Abstract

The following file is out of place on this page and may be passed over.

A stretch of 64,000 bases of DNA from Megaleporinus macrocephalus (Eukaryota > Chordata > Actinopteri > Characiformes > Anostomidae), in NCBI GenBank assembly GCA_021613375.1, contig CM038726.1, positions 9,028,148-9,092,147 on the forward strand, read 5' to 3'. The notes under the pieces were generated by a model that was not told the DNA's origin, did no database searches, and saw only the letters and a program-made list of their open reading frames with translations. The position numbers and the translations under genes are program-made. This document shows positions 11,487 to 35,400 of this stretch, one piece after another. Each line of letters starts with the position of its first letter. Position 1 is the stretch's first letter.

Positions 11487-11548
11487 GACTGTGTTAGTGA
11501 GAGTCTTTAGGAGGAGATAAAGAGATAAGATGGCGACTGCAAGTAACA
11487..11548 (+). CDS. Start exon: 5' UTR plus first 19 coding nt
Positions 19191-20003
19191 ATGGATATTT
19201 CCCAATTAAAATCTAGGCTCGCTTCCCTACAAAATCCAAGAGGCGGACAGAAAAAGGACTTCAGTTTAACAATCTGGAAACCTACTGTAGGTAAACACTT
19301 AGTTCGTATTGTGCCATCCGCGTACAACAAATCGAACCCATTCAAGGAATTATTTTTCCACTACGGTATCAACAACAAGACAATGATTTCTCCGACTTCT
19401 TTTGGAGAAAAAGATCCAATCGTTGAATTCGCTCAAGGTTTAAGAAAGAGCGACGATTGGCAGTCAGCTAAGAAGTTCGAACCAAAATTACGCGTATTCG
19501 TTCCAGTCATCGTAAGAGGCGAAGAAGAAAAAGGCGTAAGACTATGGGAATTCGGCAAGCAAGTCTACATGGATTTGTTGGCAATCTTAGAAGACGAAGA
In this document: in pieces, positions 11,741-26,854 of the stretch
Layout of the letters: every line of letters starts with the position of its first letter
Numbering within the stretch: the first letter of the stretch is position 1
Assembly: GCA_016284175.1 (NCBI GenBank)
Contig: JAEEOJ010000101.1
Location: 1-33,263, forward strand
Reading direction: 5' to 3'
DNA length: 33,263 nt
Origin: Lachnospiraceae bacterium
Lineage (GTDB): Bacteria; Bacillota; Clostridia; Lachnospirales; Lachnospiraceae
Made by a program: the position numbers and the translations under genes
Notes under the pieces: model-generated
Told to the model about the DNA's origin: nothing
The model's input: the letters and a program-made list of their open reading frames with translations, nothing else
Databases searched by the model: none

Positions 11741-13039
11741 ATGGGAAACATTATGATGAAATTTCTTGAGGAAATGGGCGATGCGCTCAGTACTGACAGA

Spatial variability of sediment texture, foraminiferal, and pollen assemblages were studied at two core sites in St. Georges Bay, using data from replicate cores spaced about 1 m apart. Despite the similarity of water depth (22 m) and location (3.6 km offshore) of the two sites, correlatable sediment textural units could not be clearly distinguished except for the ubiquitous presence of a surface layer of fine-grained sediment. Textural parameters strongly indicate distinctive Holocene depositional histories at each site, which appear to be related to local submarine morphological features.Despite the between-site textural heterogeneity, the depositional histories of all the cores can be correlated spatially and temporally by means of selected paleontologic parameters. In all cores the top 20–30 cm of sediment was found to coincide with the historical weed pollen assemblage zone; hence, the uppermost fine sediment layer most probably reflects an increased influx of fine-grained sediment associated with deforestation and other local land use practices. At both sites, the ratio of common modern calcareous to arenaceous foraminifera species can be used to reveal comparable relative sea level records in each of the cores. However, critical evaluation of combined lithological and faunal data is necessary to distinguish an apparent decrease in water depth that can arise from an increased influx of nearshore sediment and species rather than a real change in relative sea level.Detailed statistical analysis of the variation in foraminiferal abundance parameters shows that absolute abundance data cannot be used for determining relative sedimentation rates in nearshore environments and suggests that biofacies correlations in these environments should be based on assemblages of comparatively abundant species. Within-site similarity in both foraminiferal and palynological assemblages is generally lower for the texturally more heterogeneous site at Linwood than at the more uniformly muddy site near Pomquet. However, relatively high within and between-site correlations of pollen taxa are evident throughout all sediment intervals that comprise more than 50% mud, regardless of differences in sediment sorting parameters and changes in paleodepths at the depositional sites.It appears that studies of the depositional histories of nearshore Holocene sediments in the Atlantic coastal region are most likely to yield results when analysis of combined textural, microfaunal, and palynological parameters is carried out on cores obtained from relatively low-energy depositional sites. It is predicted that for upper Holocene marine sediments, the coarser the texture of a core the less representative it will be of the overall paleoecological history of a region.

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